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The Image Before The Text:

The 613: Paintings By Archie Rand


First there was the word. It was spoken on the mountain and we were afraid. Then it was written fire on fire. And we lost faith. Over the years Moshe wrote it down and we thought the word was tamed. We thought we knew it so we ignored it. So we lost our Temple and our Land. The 613, over the years mostly observed but mysterious, observed now, thousands of years later, distant and holy.


From 2001 to 2006, Archie Rand painted each and every mitzvah; all 613 were transformed into images. His artwork has revealed the awesome mystery and inscrutability of God’s law. The artist asserts that the 613 acrylic paintings, each 20″ x 16″, are actually one work of art. This one ensemble composed of 613 parts occupies an enormous warehouse wall 15 feet high and 93 feet wide. When the artist turns on the lights in that cavernous space, the effect is breathtaking. After I interviewed him about this ambitious project, one realizes that his conceptual accomplishment is even more daunting.


Archie Rand has a notorious career painting Jewish art. Beginning with the B’nai Josef synagogue murals in Brooklyn (1974) and the outdoor Michlalah murals in Jerusalem (1984) he has relentlessly depicted myriad aspects of Jewish belief and thought in serial form. His efforts have been met with critical distain and/or silence from the mainstream art establishment. His 54 Parsha paintings exhibited at the Jewish Museum in 1989 continued his determination to illustrate the sacred text through metaphor and symbols derived from traditional commentaries and Midrash. And just as constant as was the secular distain was the disapproval from the rabbinic and religious public, even after years of textual study and preparation.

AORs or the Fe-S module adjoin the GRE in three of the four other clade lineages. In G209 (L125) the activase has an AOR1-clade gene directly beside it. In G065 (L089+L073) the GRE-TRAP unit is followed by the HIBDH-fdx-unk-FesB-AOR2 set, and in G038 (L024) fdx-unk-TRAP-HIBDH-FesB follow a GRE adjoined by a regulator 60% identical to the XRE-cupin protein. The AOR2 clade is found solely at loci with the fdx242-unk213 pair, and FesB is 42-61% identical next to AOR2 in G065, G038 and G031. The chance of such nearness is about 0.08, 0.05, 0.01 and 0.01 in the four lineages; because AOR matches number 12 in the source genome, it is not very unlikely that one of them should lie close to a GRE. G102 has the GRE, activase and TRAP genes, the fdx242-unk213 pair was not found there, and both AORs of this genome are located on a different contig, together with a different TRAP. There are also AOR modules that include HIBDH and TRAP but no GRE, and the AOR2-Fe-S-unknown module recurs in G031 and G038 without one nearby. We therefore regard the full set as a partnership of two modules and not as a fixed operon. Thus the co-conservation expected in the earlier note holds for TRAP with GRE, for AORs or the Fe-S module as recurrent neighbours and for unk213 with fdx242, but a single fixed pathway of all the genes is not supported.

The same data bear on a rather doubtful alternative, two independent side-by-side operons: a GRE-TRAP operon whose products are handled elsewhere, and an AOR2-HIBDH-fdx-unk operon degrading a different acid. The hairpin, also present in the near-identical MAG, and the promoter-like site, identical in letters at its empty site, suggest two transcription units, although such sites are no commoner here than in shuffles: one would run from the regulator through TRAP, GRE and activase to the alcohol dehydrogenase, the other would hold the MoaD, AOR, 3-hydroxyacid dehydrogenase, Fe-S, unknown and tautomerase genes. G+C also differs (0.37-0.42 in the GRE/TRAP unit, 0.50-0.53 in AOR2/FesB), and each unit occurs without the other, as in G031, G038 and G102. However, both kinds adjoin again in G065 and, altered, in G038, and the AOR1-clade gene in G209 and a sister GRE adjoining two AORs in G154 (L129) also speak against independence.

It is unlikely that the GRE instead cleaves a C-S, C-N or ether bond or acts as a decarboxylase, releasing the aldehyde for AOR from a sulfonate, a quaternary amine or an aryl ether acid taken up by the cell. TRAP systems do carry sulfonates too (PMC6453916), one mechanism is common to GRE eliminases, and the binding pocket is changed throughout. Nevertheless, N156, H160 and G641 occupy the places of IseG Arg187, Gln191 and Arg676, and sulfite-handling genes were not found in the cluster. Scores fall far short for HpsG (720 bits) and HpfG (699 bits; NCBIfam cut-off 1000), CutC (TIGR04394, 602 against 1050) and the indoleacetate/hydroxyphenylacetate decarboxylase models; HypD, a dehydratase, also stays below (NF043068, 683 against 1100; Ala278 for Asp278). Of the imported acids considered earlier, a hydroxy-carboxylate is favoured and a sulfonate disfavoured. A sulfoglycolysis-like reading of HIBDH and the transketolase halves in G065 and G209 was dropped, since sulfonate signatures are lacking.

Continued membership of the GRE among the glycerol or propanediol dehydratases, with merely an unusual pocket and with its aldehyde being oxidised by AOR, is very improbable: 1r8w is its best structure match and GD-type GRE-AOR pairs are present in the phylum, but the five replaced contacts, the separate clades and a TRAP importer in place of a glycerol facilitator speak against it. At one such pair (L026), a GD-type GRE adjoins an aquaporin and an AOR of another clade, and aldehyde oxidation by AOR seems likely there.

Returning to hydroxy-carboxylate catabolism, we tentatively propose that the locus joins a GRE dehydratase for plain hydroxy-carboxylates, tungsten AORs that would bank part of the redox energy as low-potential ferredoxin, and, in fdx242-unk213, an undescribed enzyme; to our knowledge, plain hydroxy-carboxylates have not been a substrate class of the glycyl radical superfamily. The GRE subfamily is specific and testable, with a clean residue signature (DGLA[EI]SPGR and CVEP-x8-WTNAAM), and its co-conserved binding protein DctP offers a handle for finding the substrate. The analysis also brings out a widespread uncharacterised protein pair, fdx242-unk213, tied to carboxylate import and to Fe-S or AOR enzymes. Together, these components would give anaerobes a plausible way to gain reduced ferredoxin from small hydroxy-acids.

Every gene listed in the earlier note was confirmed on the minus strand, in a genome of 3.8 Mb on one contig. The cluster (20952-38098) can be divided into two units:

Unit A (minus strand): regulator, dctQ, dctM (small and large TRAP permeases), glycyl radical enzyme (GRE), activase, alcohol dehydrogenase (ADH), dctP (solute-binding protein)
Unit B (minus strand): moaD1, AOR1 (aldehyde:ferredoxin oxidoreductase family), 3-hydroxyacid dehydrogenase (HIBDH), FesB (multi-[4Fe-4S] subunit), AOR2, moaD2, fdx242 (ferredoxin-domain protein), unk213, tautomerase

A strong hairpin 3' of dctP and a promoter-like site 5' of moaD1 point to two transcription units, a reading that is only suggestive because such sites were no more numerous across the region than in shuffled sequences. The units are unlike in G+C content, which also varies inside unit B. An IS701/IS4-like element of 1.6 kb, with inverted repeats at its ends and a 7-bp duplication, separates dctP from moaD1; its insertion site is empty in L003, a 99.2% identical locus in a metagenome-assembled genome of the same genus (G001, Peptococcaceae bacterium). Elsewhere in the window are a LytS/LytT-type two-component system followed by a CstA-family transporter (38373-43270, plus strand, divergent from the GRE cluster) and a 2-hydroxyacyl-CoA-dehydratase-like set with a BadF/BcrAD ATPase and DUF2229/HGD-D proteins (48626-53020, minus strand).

The 613, acrylic on canvas by Archie Rand

Courtesy the artist



Caught between a secular world that could not abide Torah, and a religious world that could not abide “Art,” Archie slowly began to realize that the Jewish artist had to reassess his role. Perhaps he had to function as a 21st century “Bezalel.” Imbued with artistic wisdom, secular insight and religious knowledge, the artist had to start the process with what he knew best, the creation of images. These images had to come from within the deep sensibility of the individual artist; they had to resonate in his aesthetics, his culture and his persona. Once that visual foundation was established, only then could they be applied to the sacred text; only then could they be able to illuminate the Torah.


The Image had to come before the Text.


Rand’s images that make up “The 613″ are difficult and perplexing. Each panel is dominated by a brightly colored high-contrast image, frequently of a single head or a pair of figures or animals (that stand in for humans). The overall style is of 1950s comic book figures deeply rooted in the icons of American culture. The unifying visual feature is the gold border surrounding each image and the large Hebrew letters at the bottom that denote the mitzvah’s number according to the Rambam. This maze of Hebrew letters seems to strive to form words even as they are only meant as numbers and creates a constant tension between text, number and meaning. It is as if Rand is saying that the text can’t become meaning until it becomes an image under the artist’s control.



326 & 327, details of The 613, acrylic on canvas by Archie Rand

Courtesy the artist